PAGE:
It’s perfectly reasonable that adding CO2 to the atmosphere could cause some warming, probably minor. This perfectly reasonably supposition was turned into unreasonable dogma by certain scientific disciplines that sensed an opportunity. They realized that if CO2 were inflated into the great Satan, it would be very beneficial for their careers. Backwater scientists in the obscure specialty of atmospheric science became well-traveled celebrities by promoting the doomsday theory of global warming.
The first day of the Heartland Institute’s 10th International Climate Change Conference has come and gone, and, though as a member of The Heartland Institute I may be a bit biased, it was amazing.
The day opened with a rousing breakfast keynote address by the inspirational leader of the climate realists on Capitol Hill, Sen. James Inhofe (R-OK), chairman of the Senate Environment and Public Works Committee. Inhofe was awarded Heartland’s 2015 Political Leadership on Climate Change Award, sponsored by the Heritage Foundation and in exchange treated the assembled attendees a rousing discussion of the highs and lows of his experience fighting for a rational assessment of climate science and climate policy in his tenure as a Senator.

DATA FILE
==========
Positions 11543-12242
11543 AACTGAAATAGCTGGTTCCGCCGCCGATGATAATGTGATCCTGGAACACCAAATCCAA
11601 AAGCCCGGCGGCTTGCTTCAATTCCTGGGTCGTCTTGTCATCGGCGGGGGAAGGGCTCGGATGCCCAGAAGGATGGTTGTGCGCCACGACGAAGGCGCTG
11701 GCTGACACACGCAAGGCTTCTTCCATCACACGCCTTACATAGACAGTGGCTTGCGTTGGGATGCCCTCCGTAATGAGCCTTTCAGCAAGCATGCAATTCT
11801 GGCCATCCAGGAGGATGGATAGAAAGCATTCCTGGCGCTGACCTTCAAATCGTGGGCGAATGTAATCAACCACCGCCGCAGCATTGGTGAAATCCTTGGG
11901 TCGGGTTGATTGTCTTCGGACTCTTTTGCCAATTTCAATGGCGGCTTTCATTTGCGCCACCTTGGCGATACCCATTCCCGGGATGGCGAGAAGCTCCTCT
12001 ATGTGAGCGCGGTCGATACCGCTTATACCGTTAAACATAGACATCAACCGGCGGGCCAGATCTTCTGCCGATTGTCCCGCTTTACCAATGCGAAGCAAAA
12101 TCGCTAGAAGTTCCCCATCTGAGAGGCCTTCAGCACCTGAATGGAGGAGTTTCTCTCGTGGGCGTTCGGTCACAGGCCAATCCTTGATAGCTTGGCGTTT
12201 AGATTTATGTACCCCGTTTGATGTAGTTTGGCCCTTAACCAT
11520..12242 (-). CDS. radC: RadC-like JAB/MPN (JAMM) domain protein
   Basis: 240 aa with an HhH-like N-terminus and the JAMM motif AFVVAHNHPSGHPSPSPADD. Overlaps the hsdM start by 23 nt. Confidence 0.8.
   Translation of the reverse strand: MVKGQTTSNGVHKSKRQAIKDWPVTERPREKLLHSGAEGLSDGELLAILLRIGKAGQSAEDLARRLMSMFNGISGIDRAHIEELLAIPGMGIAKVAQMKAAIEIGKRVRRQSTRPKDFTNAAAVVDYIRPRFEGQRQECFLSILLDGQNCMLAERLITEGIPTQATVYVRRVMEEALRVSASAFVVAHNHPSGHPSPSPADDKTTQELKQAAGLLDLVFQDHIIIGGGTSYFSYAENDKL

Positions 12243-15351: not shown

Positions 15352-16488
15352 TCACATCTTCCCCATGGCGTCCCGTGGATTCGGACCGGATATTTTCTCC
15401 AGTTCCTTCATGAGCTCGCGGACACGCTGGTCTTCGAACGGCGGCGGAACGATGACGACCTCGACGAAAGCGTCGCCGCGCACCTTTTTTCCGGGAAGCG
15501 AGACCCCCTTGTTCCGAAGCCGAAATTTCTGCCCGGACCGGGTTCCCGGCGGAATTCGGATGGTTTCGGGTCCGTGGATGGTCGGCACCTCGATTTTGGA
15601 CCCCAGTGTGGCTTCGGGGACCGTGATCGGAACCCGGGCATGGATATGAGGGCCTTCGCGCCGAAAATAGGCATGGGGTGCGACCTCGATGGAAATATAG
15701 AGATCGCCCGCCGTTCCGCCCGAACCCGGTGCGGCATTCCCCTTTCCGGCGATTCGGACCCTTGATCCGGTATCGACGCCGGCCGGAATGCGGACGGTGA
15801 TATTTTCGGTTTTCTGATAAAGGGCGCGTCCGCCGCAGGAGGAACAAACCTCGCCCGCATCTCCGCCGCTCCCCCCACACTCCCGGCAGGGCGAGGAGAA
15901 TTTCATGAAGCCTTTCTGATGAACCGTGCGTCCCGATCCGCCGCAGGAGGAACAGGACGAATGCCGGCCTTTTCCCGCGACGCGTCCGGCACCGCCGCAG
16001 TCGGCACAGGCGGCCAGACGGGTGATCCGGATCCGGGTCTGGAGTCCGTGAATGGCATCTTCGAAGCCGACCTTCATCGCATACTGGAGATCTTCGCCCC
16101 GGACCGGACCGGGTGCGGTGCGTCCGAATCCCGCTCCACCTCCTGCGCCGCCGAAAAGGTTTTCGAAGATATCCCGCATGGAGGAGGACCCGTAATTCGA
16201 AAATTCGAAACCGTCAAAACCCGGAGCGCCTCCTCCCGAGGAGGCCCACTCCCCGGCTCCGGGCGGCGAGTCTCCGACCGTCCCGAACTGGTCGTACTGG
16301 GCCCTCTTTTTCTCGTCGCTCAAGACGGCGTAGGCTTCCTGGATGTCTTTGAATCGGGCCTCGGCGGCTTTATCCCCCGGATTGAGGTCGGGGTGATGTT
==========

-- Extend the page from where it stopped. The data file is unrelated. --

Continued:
With that as a warm up, the true meat of the conference began with morning breakout sessions on topics including, Climate Science, Climate Science and Accurate Data (at which I was honored to serve as a moderator), Energy Realities and Energy Policy.
California has a major water crisis the way 1990s New York once had an urban blight crisis. But don't look for a Rudy Giuliani to the rescue. The state's governor, Jerry Brown, has morphed into a full-blown space cadet.
In most parts of the world, when a leader starts talking wildly as a crisis builds — think Ecuador during the presidency of Abdala "El Loco" Bucaram or Russia during the heyday of ex-communist parliamentarian Vladimir Zhirinovsky — attention focuses on the lunacy coming from the top.
Aren't those polar ice caps a rotten lot? As politicians are busily trying to save them from melting, they've gone and stopped disappearing all on their own. Despite the best efforts of climate change fanatics at producing a lot of hot air, NASA have quietly noted that Antarctic sea ice reached a new maximum extent last year. That wasn't supposed to happen. As everyone knows the ice is melting because of all the carbon we're emitting, so how do we explain that it actually isn't?
It isn't actually that difficult to explain, but it would involve making the crucial admission that we don't actually know why the ice is doing what it's doing. We have absolutely no idea, and a terrible record at predicting it. Al Gore thought it would all be gone by 2014.